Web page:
How to Teach a Goldendoodle Tricks

Teaching Your Goldendoodle Puppy Basic Commands

One of the best parts about raising a puppy is discovering their ability to understand and respond to verbal commands. From showing off to just having fun, teaching your puppy commands is an experience that pays off forever. Dogs have been known to learn some pretty neat tricks and can even be helpful around the house when they grow up and find themselves in a bigger family role. By the time you pick up your Goldendoodle puppy from ABCs Puppy Z's, they'll be at least 10 weeks old — and more than ready to start learning some basic commands!

Even though your puppy's attention span is limited during this stage of their life, it's never a better time to imprint some basic commands on their permanent memory. Command training early on also serves to develop healthy habits such as obedience and communication, which leads to good behavior. When training your puppy, you will be teaching it how to respond to your verbal commands through positive reinforcement and a method called food-lure training.

Puppy training should always be a fun and gentle experience and you should never use any type of punishment to train your dog. Keep each training lesson short while spreading out a few 5-minute lessons throughout the day. The more often you can train your puppy, the better. While you don't have to train your puppy every single day, it's best not to wait too long in between lessons if you really want those commands to stick.

Before You Begin

At this early stage in their lives, puppies are easily distracted by the things around them — and can lose interest in ten different things in a matter of seconds. Their adorably limited attention spans are a joy to watch, but can present a challenge when teaching them new tricks. If you plan on getting anywhere with your pup, you'll have to pick out a quiet “puppy classroom” in the house where there are very few things or noises that can distract them. Ideally, it should be just you, your pup, and some treats.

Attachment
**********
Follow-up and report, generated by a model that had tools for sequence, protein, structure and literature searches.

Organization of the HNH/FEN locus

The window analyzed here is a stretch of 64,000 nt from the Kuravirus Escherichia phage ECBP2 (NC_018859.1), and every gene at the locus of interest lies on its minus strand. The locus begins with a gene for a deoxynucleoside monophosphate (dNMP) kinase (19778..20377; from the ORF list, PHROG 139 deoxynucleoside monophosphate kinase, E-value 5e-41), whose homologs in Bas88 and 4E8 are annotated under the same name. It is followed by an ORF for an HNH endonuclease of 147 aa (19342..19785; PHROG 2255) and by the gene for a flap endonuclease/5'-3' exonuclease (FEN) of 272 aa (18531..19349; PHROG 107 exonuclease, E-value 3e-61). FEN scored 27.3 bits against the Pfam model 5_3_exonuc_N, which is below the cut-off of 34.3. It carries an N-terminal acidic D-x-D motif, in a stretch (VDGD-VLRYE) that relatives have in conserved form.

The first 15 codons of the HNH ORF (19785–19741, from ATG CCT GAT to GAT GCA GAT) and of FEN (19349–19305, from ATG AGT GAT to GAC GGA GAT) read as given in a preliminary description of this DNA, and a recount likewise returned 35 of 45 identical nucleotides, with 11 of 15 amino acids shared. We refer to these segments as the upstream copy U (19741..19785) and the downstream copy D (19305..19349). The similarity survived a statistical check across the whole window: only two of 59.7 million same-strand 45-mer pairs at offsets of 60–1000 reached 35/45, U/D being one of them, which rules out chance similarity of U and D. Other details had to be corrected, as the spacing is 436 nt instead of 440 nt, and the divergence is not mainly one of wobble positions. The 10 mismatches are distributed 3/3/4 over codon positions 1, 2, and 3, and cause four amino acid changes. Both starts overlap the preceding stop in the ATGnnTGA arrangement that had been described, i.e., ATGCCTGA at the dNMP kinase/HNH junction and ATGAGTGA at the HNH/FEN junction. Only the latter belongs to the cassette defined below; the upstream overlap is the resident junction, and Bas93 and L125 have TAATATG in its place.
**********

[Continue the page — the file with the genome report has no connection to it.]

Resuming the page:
Your puppy's reward should be whatever they love most — whether it's their favorite treat or their favorite toy. Professional trainers have found that training a pup with their favorite treats for a few minutes before mealtime works well, as the puppy will be getting hungry and is motivated to win a treat.

Training your puppy involves two rewards:

  1. A primary reinforcer (a treat or a toy).
  2. A secondary reinforcer (petting and verbal praising, i.e., “good boy!” or “good girl!”).

When training your puppy, it's important to use both reinforcers, because you won't always be able to give your dog a treat when they follow a command (and you shouldn't have to!). Your puppy will need to learn that being petted and praised for listening is also a reward. As time goes by and your puppy gets good at following commands, you can start phasing out treats and only give them sometimes, while always giving them praise for following commands. The older your dog gets, the more willing it will be to follow your commands on the simple basis of being obedient.